• The Telegram instant messaging service experienced the largest known breach of an end-to-end encrypted communications system in August. The Achilles heel of Telegram’s system was the use of SMS text messages to activate new devices. Hackers associated with the  Iranian government intercepted the messages and used the codes to add new devices to Telegram accounts. Then the hackers could read chat histories and monitor new messages for the accounts. Over a dozen accounts were affected. In addition, the phone numbers of 15 million Iranian users were leaked.

Breaches that affect all industries

Every company was potentially affected by the SWIFT hack. The Society for Worldwide Interbank Financial Telecommunication (SWIFT) provides a network that enables financial institutions worldwide to send and receive information about financial transactions.

After a malware attack against a Bangladeshi bank the resulted in the heist of $81 million, SWIFT issued a software patch that detects the attacking malware. In September, the organization announced a set of mandatory security controls. Customers must demonstrate each year that these controls are in place starting in 2018.

Targeting IoT Devices

Cybercriminals targeted Internet of Things (IoT) devices such as webcams, TVs, and DVRs to a much greater extent than previously. Since Gartner predicts that there will 20.8 billion IoT devices by 2020, it seems likely that the future bodes attacks similar to those experienced in 2016. In October, a host of websites were disrupted by large distributed denial of service (DDoS) attacks against Domain Name System (DNS) hosting provider Dyn. Some 20,000 IoT devices were infected with Mirai malware to create a botnet. The botnet delivered DDoS packets at a rate of up to one terabyte per second. A DDoS was also used to attack IoT devices themselves. In October, cybercriminals stopped the heating in two buildings in the Finnish city of Lappeenranta.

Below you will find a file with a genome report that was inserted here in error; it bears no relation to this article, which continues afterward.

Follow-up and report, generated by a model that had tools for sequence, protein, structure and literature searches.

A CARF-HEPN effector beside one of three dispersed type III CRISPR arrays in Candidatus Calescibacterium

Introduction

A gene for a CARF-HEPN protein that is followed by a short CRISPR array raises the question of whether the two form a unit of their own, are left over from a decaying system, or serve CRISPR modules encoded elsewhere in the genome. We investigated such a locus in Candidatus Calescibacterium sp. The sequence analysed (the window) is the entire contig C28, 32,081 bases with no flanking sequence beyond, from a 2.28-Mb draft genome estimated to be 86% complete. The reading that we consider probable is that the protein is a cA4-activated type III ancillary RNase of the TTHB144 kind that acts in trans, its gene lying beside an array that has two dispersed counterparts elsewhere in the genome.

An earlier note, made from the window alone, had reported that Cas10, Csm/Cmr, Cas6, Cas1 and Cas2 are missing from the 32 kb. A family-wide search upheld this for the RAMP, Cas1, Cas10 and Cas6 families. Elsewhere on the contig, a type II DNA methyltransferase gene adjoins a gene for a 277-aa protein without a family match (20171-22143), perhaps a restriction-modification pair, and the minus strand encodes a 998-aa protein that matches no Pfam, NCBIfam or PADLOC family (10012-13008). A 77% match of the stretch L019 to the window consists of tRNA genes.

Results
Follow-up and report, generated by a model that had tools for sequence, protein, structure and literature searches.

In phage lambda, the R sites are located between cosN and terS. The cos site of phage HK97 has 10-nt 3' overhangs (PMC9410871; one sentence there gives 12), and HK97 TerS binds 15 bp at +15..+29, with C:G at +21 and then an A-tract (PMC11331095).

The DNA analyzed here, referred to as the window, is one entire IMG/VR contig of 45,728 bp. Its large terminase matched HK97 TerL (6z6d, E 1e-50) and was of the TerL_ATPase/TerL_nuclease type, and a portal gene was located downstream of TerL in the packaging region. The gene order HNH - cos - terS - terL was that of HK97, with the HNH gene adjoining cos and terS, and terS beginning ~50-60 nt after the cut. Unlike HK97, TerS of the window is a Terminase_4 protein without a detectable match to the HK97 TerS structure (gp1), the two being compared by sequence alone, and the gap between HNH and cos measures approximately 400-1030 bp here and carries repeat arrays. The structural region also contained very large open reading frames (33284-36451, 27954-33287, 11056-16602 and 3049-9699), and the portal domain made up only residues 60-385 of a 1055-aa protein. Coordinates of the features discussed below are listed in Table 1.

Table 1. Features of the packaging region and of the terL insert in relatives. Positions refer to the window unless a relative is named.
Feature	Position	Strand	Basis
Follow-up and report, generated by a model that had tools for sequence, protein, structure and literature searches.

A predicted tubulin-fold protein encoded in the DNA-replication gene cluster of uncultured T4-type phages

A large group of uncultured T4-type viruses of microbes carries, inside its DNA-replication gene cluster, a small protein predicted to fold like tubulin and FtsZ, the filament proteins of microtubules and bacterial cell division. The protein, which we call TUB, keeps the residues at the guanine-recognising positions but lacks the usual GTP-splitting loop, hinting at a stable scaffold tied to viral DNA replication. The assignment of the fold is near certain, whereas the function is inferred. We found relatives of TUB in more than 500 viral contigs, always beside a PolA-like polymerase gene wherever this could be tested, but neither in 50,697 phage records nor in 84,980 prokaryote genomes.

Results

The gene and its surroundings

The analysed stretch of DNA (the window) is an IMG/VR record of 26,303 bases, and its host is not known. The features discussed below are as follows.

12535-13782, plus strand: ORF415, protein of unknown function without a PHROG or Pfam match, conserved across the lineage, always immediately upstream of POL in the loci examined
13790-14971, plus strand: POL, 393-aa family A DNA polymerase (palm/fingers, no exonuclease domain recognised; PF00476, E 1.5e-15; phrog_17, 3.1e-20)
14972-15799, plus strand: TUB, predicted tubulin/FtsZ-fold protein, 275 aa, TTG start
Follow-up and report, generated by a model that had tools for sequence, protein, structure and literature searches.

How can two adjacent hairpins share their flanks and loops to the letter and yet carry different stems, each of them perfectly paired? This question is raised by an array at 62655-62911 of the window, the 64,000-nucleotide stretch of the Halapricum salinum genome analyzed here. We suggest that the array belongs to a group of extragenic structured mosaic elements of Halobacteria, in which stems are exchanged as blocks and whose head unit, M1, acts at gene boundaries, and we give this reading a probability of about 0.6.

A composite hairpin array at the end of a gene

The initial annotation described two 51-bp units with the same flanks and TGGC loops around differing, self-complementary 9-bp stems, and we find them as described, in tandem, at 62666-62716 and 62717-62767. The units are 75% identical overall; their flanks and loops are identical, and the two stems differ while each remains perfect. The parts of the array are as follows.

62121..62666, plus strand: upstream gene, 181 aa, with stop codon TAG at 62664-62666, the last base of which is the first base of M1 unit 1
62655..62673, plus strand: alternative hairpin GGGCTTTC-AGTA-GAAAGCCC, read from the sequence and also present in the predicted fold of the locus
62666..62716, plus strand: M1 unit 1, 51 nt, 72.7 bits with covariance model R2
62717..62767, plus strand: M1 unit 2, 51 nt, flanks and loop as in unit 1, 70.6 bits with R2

In 2016, Yahoo broke the record for the largest announced hack in history—twice. In September Yahoo reported a 2014 breach of at least 500 million user accounts. Then in December, Yahoo revealed that another hack in 2013 leaked data concerning 1 billion users. This goes to show that your Internet information may have been hacked; you just don’t know it yet. What is worse, a database concerning  57 million people appeared for sale on the dark web in May 2016. The origin of the data, which included email addresses, passwords, and cell numbers, is unknown. The passwords were encrypted with MD5, an easily crackable cipher.

And life goes on …

Cybersecurity breaches should never be taken lightly. While the incidents outlined in this article are large scale and high profile, business owners from every sized company can learn from these mistakes and take steps to prevent it from happening to them. We expect these hacks to further mutate in 2017. We will see new twists in old packages. Protecting data  will continue to be a challenge, requiring increasingly sophisticated security software. Happy 2017!

Were you directly affected by one of these breaches? We’d love to hear your story, please get in touch at